Pace CEO Neil Gaydon, who discussed details of the deal Wednesday with reporters and analysts and in a follow-up interview with Cable Digital News on Thursday, said the combination of Pace and the Philips unit will represent 2006 pro forma revenues of more than $1 billion, and north of 8.5 million shipped set-top boxes.
Pace, presently seventh in set-top market share, would rise to No. 3 with the addition of Philips, currently No. 5 in the world. The combined company would trail only Thomson S.A. (NYSE: TMS; Euronext Paris: 18453) and Motorola Inc. (NYSE: MOT), while pushing past Scientific Atlanta /Cisco Systems Inc. (Nasdaq: CSCO) and China-based Tongda, based on 2006 data from IMS Research .
Table 1: Global Set-Top Market Share 2006
|Rank||Company Name||Estimated 2006 Market Share|
|Source: IMS Research on 2006 shipments|
The deal doesn't give Pace much help with its strategy in the United States, where it trails well behind Motorola and SA. The U.K. company has had to scratch and claw since 1999 to establish itself in that rock-hard market, while others, including Pioneer (USA) Inc. , opted to drop out.
Still, Pace's Americas division has gained some ground in the U.S., with shipments to cable operators and satellite TV operators jumping to 1.2 million units for the fiscal year ended June 2, versus 200,000 in the previous fiscal year. (See Pace's Patience Finally Paying Off .)
Philips, meanwhile, flirted with the U.S. cable industry in the earlier part of the decade but got little more than a peck on the cheek in return.
Philips had won two U.S. deals. In 1999, MediaOne Group Inc. (now part of Comcast Corp. (Nasdaq: CMCSA, CMCSK)) included Philips boxes in an ambitious multivendor pilot, and in 2000, Philips reached a deal to supply 1 million digital set-tops to Tele-Communications Inc. (also part of Comcast today). But Philips walked away from both projects as it decided to shelve its U.S. cable set-top plans. (MediaOne's plans fell apart anyway, as AT&T Broadband scuttled the project in 2001.)
Philips also made Docsis cable modems in the late 1990s before deciding to exit that business.
Fast-forwarding to today, Gaydon said Philips offers Pace a new base of customers, as only three TV service providers, DirecTV Group Inc. (NYSE: DTV), UPC Broadband , and another yet-to-be-named, are supplied by both set-top companies.
Those common customers use different models from Pace and Philips, and Gaydon thinks they would continue to do so. "There is zero overlap. It's completely complementary to the business, even down to the silicon," he told Cable Digital News.
In the case of DirecTV, Pace supplies thick-client HD-DVR boxes, while Philips provides lower-end satellite TV receivers. The opposite is true with UPC, as Philips is preparing to launch an HD-DVR combo box in 2008.
Geographically, Pace has an established presence in the U.S., U.K., and parts of Europe and Asia, while Philips adds in more "mainland European customers," and some leadership in the Latin American TV marketplace, he said.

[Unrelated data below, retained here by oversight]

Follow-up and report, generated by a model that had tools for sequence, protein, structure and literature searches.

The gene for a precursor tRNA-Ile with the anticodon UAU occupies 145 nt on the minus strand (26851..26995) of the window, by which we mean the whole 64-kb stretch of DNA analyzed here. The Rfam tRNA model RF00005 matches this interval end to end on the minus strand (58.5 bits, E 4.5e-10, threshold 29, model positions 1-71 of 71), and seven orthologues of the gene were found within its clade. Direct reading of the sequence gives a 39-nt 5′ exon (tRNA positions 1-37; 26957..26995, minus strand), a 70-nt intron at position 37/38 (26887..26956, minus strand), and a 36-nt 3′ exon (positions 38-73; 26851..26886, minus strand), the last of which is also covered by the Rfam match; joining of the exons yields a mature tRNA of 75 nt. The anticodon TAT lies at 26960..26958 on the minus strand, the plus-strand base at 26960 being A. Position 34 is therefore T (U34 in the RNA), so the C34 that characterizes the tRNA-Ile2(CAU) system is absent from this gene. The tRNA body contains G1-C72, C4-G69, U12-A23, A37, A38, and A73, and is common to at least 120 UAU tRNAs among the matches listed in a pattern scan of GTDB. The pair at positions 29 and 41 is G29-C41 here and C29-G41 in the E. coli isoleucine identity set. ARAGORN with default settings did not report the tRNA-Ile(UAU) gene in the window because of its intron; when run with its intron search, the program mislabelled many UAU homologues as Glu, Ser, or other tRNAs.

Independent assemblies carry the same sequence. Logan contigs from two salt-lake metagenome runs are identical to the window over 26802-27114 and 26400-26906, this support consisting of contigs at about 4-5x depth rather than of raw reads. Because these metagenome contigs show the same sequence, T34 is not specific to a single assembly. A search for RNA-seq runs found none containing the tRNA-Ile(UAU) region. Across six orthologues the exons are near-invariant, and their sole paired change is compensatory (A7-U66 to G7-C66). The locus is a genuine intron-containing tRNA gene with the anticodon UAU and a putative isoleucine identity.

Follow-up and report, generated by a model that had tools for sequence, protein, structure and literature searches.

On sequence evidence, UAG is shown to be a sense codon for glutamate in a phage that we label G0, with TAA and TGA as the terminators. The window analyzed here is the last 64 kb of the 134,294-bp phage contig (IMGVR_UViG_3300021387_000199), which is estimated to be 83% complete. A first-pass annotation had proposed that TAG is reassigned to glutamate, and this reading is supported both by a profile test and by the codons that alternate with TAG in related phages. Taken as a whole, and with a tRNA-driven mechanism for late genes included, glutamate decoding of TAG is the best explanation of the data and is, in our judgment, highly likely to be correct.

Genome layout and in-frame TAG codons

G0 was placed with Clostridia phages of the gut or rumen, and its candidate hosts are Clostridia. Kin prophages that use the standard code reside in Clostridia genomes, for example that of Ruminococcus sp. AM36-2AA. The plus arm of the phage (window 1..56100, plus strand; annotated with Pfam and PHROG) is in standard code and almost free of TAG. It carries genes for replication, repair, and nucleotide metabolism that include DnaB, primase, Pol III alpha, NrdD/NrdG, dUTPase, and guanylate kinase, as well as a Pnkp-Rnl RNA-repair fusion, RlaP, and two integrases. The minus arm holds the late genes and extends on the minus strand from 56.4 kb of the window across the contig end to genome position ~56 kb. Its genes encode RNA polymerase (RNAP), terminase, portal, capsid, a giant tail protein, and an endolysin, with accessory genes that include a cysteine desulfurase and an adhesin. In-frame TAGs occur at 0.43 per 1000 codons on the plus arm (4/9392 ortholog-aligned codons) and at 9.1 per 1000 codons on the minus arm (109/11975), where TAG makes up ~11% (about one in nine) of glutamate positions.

In the Americas, for example, Pace has distribution deals with companies such as Comcast, Bright House Networks , Rogers Communications Inc. (NYSE: RG; Toronto: RCI), Time Warner Cable Inc. (NYSE: TWC), and Vidéotron Telecom Ltd. . In the Asia/Pacific region, it has agreements with ViaSat Inc. (Nasdaq: VSAT), Sky , Virgin Media Inc. (Nasdaq: VMED), and Sky New Zealand, among others.
Philips, meanwhile, will add to the mix customers such as Sky Mexico, BT Group plc (NYSE: BT; London: BTA), Sky Brazil, Net Brazil, Canal+, Numericable-SFR , Telefónica SA (NYSE: TEF), Sogecable SA, and Astro.
What's in a Name?
Perhaps more significantly, Pace plans to tap the Philips brand so it can move "very meaningfully into retail."
Pace will be allowed to use the Philips name for up to three years on some set-top products. At the start, look for Pace to employ retail strategies in parts of Europe and Latin America, rather than in the U.S., although some box makers are considering U.S. retail plays following the separable security mandate that went into effect in July. (See Countdown to 'Seven-Oh-Seven'.)
"It's a little early for that," Gaydon told Cable Digital News regarding any cable set-top retail plans Pace might be considering for the U.S. market. "But don't think it hasn't crossed my mind."
In addition to retail, Pace will also look to Philips and its relationships with BT and Telefonica to reenergize Pace's IPTV set-top strategy.
"This [deal] will accelerate that capability," Gaydon said. About 15 percent of Philips's set-top revenues come from the retail channel. Roughly the same percentage is tied to Philips's IPTV-related set-top revenues.
Despite the market share gains, Philips's STB unit did suffer losses in 2006 after posting a profit in 2005. But the rest of the set-top industry suffered as well during this period, Gaydon pointed out, noting that a shift to MPEG-4 and high-definition in 2006 caused delays in launching products and obtaining new customers.
Looking ahead, Pace hopes to apply its streamlined operational model to Philips, which employs about 330 people in the STB division.
"There are improvements to be made, we think fairly dramatic, to how they produce their boxes," Gaydon said during Wednesday's press conference.
— Jeff Baumgartner, Site Editor, Cable Digital News